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In the same whiskey-soaked breath, you could argue that the White Stripes hit me at a time when I was the most accessible to music; in a formational, primordial soup of music tastes yet to become multicellular. Everyone is influenced by their first true experiences with music. But yet there is still the question: would I have been so open to that impression/connection if I had been splitting my attention between thousands of different things?

Music is deep, connections must be developed, and this requires repetition. How many albums can you remember where you were hooked by one track (Seven Nation Army) and ended up preferring another track (Ball & A Biscuit) that you skipped over the first hundred times until it got stuck? What the Internet gives us today is an infinite skip button, a shortcut to instant fulfillment no matter how shallow, and we are always able to effortlessly move to the next song without facing the quite serious consequences — scroll baby scroll.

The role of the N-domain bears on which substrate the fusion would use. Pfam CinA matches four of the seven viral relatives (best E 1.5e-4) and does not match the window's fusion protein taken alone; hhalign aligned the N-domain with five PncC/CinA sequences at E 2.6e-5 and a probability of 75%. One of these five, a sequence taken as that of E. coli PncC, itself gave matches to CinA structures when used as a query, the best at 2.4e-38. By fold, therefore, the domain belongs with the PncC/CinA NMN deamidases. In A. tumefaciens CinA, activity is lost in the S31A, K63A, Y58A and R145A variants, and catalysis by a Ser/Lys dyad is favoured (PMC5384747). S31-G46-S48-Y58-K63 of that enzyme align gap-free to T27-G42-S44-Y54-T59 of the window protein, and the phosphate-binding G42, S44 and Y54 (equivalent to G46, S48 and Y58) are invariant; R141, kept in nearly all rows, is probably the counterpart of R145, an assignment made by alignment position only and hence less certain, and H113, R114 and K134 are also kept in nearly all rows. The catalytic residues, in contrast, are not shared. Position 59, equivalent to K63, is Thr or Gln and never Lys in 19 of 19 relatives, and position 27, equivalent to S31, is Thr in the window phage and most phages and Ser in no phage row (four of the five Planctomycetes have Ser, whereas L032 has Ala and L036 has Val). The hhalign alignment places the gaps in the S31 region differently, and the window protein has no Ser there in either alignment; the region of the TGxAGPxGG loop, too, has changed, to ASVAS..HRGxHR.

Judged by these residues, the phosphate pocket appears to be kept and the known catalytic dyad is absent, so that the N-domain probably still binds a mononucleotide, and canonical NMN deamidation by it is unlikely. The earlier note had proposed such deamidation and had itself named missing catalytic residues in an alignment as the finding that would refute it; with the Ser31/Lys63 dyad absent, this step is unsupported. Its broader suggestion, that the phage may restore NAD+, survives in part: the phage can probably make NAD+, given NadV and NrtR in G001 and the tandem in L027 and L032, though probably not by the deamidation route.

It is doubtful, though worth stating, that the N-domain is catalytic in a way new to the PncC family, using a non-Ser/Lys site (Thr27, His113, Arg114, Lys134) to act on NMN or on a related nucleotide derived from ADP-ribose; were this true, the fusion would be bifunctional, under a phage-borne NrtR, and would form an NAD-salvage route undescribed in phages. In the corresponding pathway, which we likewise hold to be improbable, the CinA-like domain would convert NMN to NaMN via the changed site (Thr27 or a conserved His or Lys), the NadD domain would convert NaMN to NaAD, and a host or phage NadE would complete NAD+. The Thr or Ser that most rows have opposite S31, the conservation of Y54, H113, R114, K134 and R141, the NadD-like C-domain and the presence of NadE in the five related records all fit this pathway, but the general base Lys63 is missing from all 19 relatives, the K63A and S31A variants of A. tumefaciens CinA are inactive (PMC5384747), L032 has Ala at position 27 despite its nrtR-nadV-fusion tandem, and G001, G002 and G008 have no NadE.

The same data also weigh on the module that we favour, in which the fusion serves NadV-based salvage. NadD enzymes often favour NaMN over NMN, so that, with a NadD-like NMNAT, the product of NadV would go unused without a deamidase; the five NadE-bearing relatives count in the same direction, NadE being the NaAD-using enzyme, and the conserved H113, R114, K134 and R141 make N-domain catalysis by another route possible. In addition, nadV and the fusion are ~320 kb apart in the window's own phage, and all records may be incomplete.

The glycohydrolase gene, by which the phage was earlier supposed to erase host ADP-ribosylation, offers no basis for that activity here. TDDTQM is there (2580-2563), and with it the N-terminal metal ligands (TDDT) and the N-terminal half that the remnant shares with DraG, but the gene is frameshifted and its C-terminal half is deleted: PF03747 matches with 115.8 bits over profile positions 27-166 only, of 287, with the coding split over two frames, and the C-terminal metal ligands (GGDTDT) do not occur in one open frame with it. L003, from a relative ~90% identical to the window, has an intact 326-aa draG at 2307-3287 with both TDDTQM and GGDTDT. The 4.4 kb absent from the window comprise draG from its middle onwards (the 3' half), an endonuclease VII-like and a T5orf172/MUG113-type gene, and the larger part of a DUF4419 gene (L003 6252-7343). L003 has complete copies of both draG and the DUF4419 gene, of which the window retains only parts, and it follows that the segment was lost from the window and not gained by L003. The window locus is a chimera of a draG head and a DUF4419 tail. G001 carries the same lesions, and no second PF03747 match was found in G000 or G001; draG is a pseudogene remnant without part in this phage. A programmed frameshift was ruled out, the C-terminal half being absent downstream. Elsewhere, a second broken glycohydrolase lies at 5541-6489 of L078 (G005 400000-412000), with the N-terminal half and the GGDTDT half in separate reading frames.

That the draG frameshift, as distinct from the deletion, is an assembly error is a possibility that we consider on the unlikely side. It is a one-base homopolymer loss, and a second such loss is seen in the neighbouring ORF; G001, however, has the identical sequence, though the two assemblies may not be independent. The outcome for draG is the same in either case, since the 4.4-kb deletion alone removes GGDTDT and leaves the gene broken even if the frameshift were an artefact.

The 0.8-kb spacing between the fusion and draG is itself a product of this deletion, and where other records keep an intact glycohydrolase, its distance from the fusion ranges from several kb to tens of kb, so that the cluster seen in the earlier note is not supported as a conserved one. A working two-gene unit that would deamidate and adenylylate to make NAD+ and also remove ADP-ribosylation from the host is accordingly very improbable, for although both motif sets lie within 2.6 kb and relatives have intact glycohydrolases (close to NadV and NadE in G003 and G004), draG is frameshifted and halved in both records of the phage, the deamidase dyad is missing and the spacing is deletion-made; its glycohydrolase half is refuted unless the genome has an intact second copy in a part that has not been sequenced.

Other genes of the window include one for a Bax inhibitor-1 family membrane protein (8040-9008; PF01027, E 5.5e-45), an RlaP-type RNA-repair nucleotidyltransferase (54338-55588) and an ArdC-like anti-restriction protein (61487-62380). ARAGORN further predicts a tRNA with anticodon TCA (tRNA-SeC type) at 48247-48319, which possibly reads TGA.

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How likely are you to spend money on something from a band, music or merch, if you’ve only listened to their songs a few times?

The amount of time that people spend with one individual group is always getting smaller because of the above-mentioned trends and because the ever-modifiable and shared playlist is rising in the place of the album, so more fans are increasingly less likely to support the bands they like, because they like more bands. And when they actually do it is in a more limited way, since like their attention and time, their wallets are split too.